Stack Overflow is a community of 4.7 million programmers, just like you, helping each other.

Join them; it only takes a minute:

Sign up
Join the Stack Overflow community to:
  1. Ask programming questions
  2. Answer and help your peers
  3. Get recognized for your expertise

It seems I have a two's complement issue with Java's BigInteger. I have a 64-bit integer where only the msb and the second msb are set to 1, the rest is 0.

In decimal this comes up to: -4611686018427387904

The Java side of my application receives this decimal number as a string, and converts it to BigInteger like so:

BigInteger bi = new BigInteger("-4611686018427387904", 10);

Then, it needs to display this number both in binary and hex forms. I tried to use:

String bin = bi.toString(2);
String hex = bi.toString(16);

but I'm getting:



whereas I expect to get:



Any tips?

share|improve this question
If you have a 64 bit signed integer, why are you using BigInteger rather than long? – Jon Skeet Jun 28 '11 at 8:36
it can be bigger than 64 – Noa Jun 28 '11 at 8:51
So you want the 2s-complement version, but without a fixed size? It's not clear to me how you'd represent that. What would you expect to see for "-1" for example? – Jon Skeet Jun 28 '11 at 8:53
up vote 2 down vote accepted

There is a BigInteger.toByteArray() method, that returns two's complement representation of BigInteger as a byte[]. All you need is to print that array in hex or binary form:

byte[] bs = bi.toByteArray();
for (byte b: bs) {
     System.out.print(String.format("%02X", 0xff & b));
share|improve this answer
this works great, but I can't get it to work in binary (never been good with string formatting...) – Noa Jun 28 '11 at 9:44

Number always fits in 64 bits:

If your number always fits in 64 bits you can put it in a long and then print the bits / hex digits.

long l = bi.longValue();
String bin = Long.toBinaryString(l);
String hex = Long.toHexString(l);


Number may not always fit in 64 bits:

If the number does not always fit in 64 bits, you'll have to solve it "manually". To convert a number to it's two's complement representation you do the following:

  • If number is positive, do nothing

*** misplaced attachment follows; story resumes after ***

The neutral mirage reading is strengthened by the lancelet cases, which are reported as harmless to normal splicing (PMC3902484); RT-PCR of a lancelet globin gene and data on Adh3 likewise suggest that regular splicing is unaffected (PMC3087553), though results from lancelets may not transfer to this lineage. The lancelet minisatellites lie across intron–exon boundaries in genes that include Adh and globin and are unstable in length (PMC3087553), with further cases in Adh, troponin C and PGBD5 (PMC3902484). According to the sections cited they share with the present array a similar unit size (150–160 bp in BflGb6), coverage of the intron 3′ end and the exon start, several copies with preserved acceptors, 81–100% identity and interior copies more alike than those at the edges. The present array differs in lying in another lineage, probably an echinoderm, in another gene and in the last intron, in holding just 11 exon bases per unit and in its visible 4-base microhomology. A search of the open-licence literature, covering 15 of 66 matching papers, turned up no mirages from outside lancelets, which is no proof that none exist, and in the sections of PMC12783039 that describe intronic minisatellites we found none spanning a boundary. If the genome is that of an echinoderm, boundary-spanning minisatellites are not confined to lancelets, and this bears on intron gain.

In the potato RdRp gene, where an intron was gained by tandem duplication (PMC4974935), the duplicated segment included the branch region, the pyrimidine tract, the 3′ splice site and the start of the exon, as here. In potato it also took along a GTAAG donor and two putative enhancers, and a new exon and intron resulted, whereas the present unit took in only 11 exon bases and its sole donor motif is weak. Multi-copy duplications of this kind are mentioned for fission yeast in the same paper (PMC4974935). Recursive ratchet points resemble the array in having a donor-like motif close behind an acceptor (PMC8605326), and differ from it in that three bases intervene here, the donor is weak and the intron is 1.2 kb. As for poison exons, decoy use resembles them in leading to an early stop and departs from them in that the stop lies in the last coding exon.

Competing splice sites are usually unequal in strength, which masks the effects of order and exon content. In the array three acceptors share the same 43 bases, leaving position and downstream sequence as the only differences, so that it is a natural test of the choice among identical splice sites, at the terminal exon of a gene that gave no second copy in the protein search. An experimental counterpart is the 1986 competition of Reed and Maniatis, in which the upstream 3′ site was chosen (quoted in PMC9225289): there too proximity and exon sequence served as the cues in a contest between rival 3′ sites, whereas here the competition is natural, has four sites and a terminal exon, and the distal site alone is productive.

• If number is negative:
    • Convert it to its absolute value
    • Complement the bits
    • Add 1

For a BigInteger the conversion looks as follows:

if (bi.compareTo(BigInteger.ZERO) < 0)
    bi = bi.abs().not().add(BigInteger.ONE);

If you print it using bi.toString(2) you'll still get the sign character, instead of a leading 1. This can be solved by simply appending .replace('-', '1') to the string.

share|improve this answer
so to get the hex representation I would need to remove the minus sign and adjust the first hex character? – Noa Jun 28 '11 at 9:17
Yeah. I would assume so. – aioobe Jun 28 '11 at 9:38

The binary number 1100000000000000000000000000000000000000000000000000000000000000 is definitely a positive number, right. It's equal to 2^63 + 2^62. I don't see why you'd expect a negative number to become positive when you convert to base 2 or base 16.

You are confusing the base n representation with the internal representation of numbers.

share|improve this answer
"where - sign is the first bit" is a bit of a simplification of Two's complement. – Joachim Sauer Jun 28 '11 at 8:38
you're right - I removed that part :) – Petar Ivanov Jun 28 '11 at 8:39

If the number is 64 bits or less, then the simple way to solve this is to convert to a long and then use Long.toHexString().

share|improve this answer
thanks, but unfortunately it can be bigger than 64... – Noa Jun 28 '11 at 8:48

what you mean? Do you want to get Two's complement?

if you mean that, maybe i can give you an example

import java.util.*;
public class TestBina{
static void printBinaryInt(int i){
System.out.print("  ");
for(int j=31;j>=0;j--)
 public static void main(String [] args){
  Random rand = new Random();
  int i = rand.nextInt();
  int j = rand.nextInt();
share|improve this answer

Your Answer


By posting your answer, you agree to the privacy policy and terms of service.

Not the answer you're looking for? Browse other questions tagged or ask your own question.